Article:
Culture Fop / Broadway Shines a Spotlight on Israel’s Racism Problem

In a stroke-of-genius casting, Hairspray's African-American characters are played by Ethiopian-Israelis; and when Sarah-Sarah met Abraham-Abraham.

Good morning, Jerusalem!

In 1960s Baltimore, a zesty and zaftig young teen named Tracy Turnblad had a dream. It was that one day she would be judged not by the shape of her figure but by the groovyness of her dancing.

When she finally gets the chance, she stumbles into a world of racism and segregation that requires her to bust a move and take a stand.

Tracy was first introduced to audiences in John Waters’ campy 1988 film “Hairspray,” starring a young Ricki Lake. In 2002, it hit Broadway and cleaned up at the Tony Awards, grabbing the top prize of Best New Musical and going on to perform over 2,500 times until closing in 2009. In 2007, it got a flashy Hollywood remake, with John Travolta in the famous cross-dressing role of Tracy’s mom, and now, finally, it comes to Jerusalem…with a twist.

Performed in English by the junior ensemble of the Encore Educational Theatre Company, this production of “Hairspray” takes the original story’s cute and clever handling of U.S. race relations and adapts them to contemporary Israel.

In a stroke-of-genius casting, the African-American characters are played by Ethiopian-Israelis. Suddenly, the story hits home like a slap in the face.

Ethiopians in Israel have struggled to fully integrate into society following the dramatic airlifts in Operation Moses in 1984 and Operation Solomon in 1991, among others, that brought tens of thousands of Ethiopian Jews to Israel in the 1980s and 1990s. In the decades since, they have faced poverty and often overt racism.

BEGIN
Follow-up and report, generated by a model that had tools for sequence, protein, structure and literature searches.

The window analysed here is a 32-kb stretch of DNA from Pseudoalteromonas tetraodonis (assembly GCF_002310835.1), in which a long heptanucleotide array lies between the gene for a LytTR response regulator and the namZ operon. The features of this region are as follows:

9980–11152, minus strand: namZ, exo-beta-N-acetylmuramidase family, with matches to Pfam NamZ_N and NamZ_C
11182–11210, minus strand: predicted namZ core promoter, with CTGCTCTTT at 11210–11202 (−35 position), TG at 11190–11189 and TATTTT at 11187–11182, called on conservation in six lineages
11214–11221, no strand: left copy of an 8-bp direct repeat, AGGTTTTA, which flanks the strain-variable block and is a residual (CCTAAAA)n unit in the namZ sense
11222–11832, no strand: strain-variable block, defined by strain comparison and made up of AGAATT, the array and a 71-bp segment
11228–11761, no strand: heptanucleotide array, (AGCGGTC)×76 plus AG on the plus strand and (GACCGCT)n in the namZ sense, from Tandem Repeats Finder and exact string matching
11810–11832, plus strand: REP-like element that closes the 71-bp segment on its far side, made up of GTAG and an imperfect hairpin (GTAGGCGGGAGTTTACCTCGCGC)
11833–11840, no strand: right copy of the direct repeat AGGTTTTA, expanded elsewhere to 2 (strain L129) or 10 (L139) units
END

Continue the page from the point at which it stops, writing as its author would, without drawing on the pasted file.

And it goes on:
In the last few weeks, a major scandal was exposed in which Israel admitted to giving Ethiopian women birth control shots without their knowledge while in transit camps. On the brighter side, however, last week the country also crowned its first Ethiopian Miss Israel, Yityish Aynaw.

“We see these issues in the show, which is why it’s exciting and vital,” says director Eli Kaplan-Wildmann, calling the themes of segregation and integration “super relevant to Jerusalem.”

“It’s something people don’t talk about,” he says. “The melting pot still needing to melt is an issue in the city.”

To cast these characters, the production team collaborated with Malkat Shva Ethiopian Cultural Center, a Jerusalem-based non-profit established in 2005 that focuses on Ethiopian culture.

Zawde Bainasay, 27, works at Malkat Shva and is making her musical theater debut in Encore’s production of “Hairspray.” She says the experience has been eye-opening.

“I was surprised by the similarities between the Ethiopian community and the American community [in Israel],” she says, pointing out that both are immigrants and struggle with language and integration. “We’re not very different.”

During the four-month rehearsal process, obstacles were faced and conquered. Bainasay said one the biggest challenges for her and her fellow Ethiopian-Israeli actors was getting the English down and building the confidence to perform with it.

Kaplan-Wildmann says the creative team was keen to integrate Ethiopian moves into the choreography but ran up against the problem that, rhythmically, they simply didn’t jive with the '60s-inspired tunes. “But we made it work,” he says.

Off stage, the cast and crew took a cue from Tracy’s fearless curiosity. One of the highlights, according to both Bainasay and Kaplan-Wildmann, was an Ethiopian night with homemade Ethiopian food, music and dancing.